30. Dugguh SI, Dennis A. Job satisfaction theories: traceability to employee performance in organizations. IOSR J Bus Manage. 2014;16(5):11–8.

    Article  Google Scholar 

  31. Wright J. Time management: the pickle jar theory. A List Apart. 2002;146(6):1–5.

    Google Scholar 

Download references


First, we would like to thank all study participants for their contribution in providing the necessary information. We would also thank data collectors and supervisors for their commitment to the accomplishment of this thesis work.


The authors did not receive any funding for this research work.

Author information

Authors and Affiliations



Author ContributionsConceptualization: Ali Yimer, Mohammed Ahmed, Amare Zewdie, Sefineh Fenta.Data curation: Ali Yimer, Mohammed Ahmed, Sefineh Fenta, Amare ZewdieFormal analysis: Ali Yimer, Mohammed Ahmed.Methodology: Ali Yimer, Mohammed Ahmed, Sefineh Fenta Sefineh Fenta.Writing – original draft: Ali Yimer, Mohammed Ahmed, Sefineh Fenta, Amare Zewdie.Writing – review & editing: Ali Yimer, Mohammed Ahmed, Amare Zewdie, Sefineh Fenta.

Corresponding author

Correspondence to Ali Yimer.

Ethics declarations

Ethical approval and Consent to Participate

All methods were performed following the relevant guidelines and regulations.

Ethical clearance was obtained from the Institutional Review Board (IRB) of the University of Gondar with the reference number IPH/1452/2013. A written permission letter was obtained from hospital managers. Written informed consent was obtained from the study participants before the study commencement. Confidentiality was maintained by omitting direct personal identifiers on the questionnaire, using code numbers, storing data locked with a password, and not misusing or wrongfully disclosing their information. Participants were also informed that participation was voluntary and that they could withdraw from the study participation at any stage if they are not comfortable with the investigation.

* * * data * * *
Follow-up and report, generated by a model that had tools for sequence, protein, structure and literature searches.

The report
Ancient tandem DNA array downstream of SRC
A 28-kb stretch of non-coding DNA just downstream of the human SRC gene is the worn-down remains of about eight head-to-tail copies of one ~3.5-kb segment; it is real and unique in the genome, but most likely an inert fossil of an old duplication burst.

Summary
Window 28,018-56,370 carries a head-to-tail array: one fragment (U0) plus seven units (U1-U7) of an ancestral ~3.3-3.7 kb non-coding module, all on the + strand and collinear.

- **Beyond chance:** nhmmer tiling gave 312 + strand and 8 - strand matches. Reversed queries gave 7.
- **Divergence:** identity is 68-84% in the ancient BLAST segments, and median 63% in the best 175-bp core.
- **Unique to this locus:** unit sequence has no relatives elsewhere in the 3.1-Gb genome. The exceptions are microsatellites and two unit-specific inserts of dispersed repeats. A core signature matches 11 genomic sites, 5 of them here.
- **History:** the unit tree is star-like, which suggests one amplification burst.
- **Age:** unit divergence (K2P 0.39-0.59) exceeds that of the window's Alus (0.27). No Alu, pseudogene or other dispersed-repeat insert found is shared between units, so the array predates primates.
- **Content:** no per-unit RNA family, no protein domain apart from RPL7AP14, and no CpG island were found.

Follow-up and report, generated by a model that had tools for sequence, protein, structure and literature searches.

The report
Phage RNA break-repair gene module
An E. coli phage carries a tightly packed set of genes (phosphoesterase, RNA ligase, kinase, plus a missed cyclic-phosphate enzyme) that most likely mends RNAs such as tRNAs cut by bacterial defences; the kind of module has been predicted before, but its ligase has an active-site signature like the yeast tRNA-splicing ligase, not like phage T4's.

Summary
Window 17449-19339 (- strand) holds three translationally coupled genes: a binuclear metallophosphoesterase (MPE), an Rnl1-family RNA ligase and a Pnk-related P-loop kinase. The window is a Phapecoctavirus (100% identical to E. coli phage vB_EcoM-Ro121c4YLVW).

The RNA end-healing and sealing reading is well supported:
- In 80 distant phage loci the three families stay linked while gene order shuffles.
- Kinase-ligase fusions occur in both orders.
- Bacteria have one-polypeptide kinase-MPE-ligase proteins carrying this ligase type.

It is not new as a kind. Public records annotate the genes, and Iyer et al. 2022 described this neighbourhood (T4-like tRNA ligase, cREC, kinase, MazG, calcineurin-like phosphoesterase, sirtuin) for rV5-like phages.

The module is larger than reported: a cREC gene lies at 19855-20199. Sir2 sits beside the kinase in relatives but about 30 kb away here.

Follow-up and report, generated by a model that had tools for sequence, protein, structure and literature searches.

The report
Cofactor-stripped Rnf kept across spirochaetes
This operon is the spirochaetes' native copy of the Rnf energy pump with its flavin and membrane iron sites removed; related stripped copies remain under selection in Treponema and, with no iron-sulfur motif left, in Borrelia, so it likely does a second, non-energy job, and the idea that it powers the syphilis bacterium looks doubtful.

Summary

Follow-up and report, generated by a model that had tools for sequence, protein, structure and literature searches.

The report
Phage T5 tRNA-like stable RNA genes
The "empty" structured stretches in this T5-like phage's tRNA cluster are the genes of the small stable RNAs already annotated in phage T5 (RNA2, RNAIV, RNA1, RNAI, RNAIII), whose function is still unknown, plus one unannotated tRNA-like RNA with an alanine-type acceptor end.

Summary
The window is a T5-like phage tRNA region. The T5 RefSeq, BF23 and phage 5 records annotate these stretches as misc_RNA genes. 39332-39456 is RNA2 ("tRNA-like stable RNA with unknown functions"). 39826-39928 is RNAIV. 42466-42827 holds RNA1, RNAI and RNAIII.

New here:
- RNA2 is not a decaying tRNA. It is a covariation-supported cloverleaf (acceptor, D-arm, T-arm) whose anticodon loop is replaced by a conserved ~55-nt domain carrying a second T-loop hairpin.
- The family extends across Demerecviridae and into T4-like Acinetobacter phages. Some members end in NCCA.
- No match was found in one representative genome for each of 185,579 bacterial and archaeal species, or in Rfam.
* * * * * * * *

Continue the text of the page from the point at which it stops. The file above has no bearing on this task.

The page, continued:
Consent for publication

Not applicable.

Competing interests

The authors declare no competing interests.

Additional information

Publisher’s Note

Springer Nature remains neutral with regard to jurisdictional claims in published maps and institutional affiliations.

Rights and permissions

Open Access This article is licensed under a Creative Commons Attribution 4.0 International License, which permits use, sharing, adaptation, distribution and reproduction in any medium or format, as long as you give appropriate credit to the original author(s) and the source, provide a link to the Creative Commons licence, and indicate if changes were made. The images or other third party material in this article are included in the article’s Creative Commons licence, unless indicated otherwise in a credit line to the material. If material is not included in the article’s Creative Commons licence and your intended use is not permitted by statutory regulation or exceeds the permitted use, you will need to obtain permission directly from the copyright holder. To view a copy of this licence, visit The Creative Commons Public Domain Dedication waiver ( applies to the data made available in this article, unless otherwise stated in a credit line to the data.

Reprints and Permissions

About this article

Check for updates. Verify currency and authenticity via CrossMark

Cite this article

Yimer, A., Ahmed, M., Zewdie, A. et al. Assessment of magnitude and associated factors of attitude towards time management among health professionals working in public hospitals of Dessie City, Northeast Ethiopia. BMC Health Serv Res 23, 976 (2023).

Download citation

  • Received:

  • Accepted:

  • Published:

  • DOI:


  • Attitude towards time management
  • Health professionals
  • Public hospitals
  • Dessie City
  • Ethiopia